Four things farmers want you to know about farming
January 22, 2015
Not enough young people are embarking upon careers in agriculture to replace the world’s aging farmers. To better understand this trend and what to do about it, Cargill asked two farmers – one a middle-age smallholder who belongs to a cocoa cooperative in Cote d’Ivoire, the other a young large-scale poultry and produce farmer from England – to share their insights.
They participated in a Jan. 21 event convened by Cargill in Davos, Switzerland, during the World Economic Forum's annual meetings.
Here’s what Georges Bitty, 58, and Ben Drummond, 34, had to say about the state of farming:
1. Farming is a viable business career.
Bitty: “One of the main obstacles is that the young generation sees farming as being very hard and it's difficult for them to make a living out of it. Farming activity must be seen by the young generation as a business opportunity. They must not see farming as something they do because they can’t do anything else. They must see it with passion and entrepreneurship.”
Drummond: “The most important thing is to help people understand that farming is a business. Some people see farming as a way of life. We must get them to understand it can be a great career. Financially, it's as good as any industry and young people need to see all the opportunities along the supply chain.”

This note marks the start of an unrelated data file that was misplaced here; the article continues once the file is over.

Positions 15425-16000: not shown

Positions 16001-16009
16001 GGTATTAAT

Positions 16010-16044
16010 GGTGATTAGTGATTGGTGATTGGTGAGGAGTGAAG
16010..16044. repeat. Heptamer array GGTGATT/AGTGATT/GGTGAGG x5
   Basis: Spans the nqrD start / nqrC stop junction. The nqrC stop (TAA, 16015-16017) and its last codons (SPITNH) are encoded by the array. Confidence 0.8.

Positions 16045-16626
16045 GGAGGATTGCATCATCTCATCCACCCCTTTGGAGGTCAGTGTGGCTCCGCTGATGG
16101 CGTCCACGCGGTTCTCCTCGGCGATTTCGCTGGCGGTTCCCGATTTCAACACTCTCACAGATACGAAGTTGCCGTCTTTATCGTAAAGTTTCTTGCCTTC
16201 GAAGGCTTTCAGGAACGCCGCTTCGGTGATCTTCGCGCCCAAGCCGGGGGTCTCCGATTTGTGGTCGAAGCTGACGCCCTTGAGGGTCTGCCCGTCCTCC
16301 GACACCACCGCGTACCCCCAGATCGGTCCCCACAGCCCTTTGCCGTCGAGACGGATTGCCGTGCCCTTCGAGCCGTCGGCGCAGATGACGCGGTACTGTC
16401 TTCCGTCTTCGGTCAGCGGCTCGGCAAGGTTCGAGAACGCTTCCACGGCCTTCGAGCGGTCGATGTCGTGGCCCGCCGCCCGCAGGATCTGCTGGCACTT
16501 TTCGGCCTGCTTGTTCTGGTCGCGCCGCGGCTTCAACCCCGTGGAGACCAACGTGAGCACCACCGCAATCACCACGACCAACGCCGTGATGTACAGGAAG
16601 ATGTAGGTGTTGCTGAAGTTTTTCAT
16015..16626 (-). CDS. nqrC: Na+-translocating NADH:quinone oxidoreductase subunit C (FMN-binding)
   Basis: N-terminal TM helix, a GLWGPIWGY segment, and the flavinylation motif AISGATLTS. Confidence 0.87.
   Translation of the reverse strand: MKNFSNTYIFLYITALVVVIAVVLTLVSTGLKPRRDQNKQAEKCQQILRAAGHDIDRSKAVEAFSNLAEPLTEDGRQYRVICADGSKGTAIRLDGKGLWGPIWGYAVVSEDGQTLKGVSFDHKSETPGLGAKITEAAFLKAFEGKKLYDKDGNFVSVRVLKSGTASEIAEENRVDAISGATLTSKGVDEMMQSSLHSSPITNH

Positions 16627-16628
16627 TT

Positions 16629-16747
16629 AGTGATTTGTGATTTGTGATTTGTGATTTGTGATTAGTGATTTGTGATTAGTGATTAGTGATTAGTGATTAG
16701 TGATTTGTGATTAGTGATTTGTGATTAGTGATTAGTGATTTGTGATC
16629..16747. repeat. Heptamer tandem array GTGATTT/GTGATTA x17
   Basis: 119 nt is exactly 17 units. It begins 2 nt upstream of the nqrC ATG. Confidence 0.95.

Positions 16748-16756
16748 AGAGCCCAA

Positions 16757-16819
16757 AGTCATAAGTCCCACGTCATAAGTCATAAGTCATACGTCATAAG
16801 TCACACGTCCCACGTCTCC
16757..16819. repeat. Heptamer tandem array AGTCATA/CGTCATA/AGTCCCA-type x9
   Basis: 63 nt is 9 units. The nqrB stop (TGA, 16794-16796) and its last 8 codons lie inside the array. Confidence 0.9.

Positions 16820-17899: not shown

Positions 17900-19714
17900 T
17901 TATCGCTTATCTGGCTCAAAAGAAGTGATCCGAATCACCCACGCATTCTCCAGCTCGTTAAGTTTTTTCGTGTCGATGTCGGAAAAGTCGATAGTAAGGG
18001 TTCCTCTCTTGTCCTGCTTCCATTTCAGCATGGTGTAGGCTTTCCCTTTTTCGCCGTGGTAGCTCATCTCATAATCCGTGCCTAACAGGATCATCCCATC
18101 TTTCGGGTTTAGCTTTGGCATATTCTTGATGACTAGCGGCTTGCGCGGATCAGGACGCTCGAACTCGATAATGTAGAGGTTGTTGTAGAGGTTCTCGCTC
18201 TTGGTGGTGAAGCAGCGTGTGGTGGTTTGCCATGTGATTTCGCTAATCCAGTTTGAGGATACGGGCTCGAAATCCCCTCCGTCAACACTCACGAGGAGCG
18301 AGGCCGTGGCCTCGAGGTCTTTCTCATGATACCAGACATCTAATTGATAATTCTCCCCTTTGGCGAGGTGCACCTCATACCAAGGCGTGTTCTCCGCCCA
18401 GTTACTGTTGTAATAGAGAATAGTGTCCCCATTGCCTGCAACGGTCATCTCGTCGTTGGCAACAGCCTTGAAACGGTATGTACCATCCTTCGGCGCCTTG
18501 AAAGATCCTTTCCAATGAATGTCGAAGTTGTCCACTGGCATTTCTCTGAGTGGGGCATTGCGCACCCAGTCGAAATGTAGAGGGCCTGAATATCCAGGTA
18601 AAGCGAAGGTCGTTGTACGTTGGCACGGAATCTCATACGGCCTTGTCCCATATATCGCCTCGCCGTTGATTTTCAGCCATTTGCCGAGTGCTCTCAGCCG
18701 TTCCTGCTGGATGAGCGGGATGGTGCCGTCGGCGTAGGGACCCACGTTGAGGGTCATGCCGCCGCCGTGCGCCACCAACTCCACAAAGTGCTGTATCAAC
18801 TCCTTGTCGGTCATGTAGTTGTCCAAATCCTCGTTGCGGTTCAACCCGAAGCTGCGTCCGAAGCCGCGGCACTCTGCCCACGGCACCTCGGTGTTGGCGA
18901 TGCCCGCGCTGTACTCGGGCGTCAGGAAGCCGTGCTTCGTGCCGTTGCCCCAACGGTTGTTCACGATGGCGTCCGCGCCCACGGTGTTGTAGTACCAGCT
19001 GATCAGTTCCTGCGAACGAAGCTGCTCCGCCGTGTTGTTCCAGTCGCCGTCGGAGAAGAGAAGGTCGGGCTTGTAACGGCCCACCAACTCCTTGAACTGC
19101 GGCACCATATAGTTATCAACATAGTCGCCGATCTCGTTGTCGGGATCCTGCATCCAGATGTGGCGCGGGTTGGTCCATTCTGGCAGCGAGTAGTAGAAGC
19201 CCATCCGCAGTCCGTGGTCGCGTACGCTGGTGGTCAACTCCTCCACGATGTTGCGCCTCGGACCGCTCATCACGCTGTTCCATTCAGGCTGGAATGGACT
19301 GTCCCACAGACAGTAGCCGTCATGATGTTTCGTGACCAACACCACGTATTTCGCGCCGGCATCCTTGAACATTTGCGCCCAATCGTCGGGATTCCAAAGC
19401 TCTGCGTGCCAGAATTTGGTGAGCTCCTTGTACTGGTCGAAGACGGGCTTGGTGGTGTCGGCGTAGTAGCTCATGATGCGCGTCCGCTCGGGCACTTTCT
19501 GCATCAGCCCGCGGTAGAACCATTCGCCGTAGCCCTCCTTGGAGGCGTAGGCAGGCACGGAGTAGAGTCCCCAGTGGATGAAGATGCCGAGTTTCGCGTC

2. Small farmers and large farmers aren’t adversaries. Both are needed.
Bitty: He sees the benefit of companies connecting smallholders to markets, providing training and helping them earn premium prices. “The private sector can involve the [smallholder] cooperatives in sustainability programs, which can help grow revenues to build more opportunities for farming communities. Training in this area is really important, so farmers have the best tools to be successful.”
Drummond: He views large-scale farms as boosting productivity and serving as a complement to small farmers. “Progress isn’t bad, and the industrialization of farming is progress. As farming intensifies, it isn’t bad if this is managed correctly. And as a young farmer, modern [agricultural techniques] offer a massive opportunity.”
3. Farming is not just tedious labor.
Drummond: “Farming is not boring! It’s a great career that's using cutting-edge technology. As the average farm size in the UK grows, being a "hands-on" farmer is not the whole picture anymore. Management-level opportunities are vast. [On our farm] we employ 40 to 50 full-time people and 300 seasonal workers, so within our business there is a lot of opportunity for career progression.”
4. People should have a connection to where their food comes from.
Drummond: Most people have lost all connection with how their food is produced – another reason they don’t even see it as a career. [Growing up on a farm,] I didn’t think I would be anything other than a farmer. Young people don’t think about their food, and so we need to try to get more young people thinking about their food and where it comes from.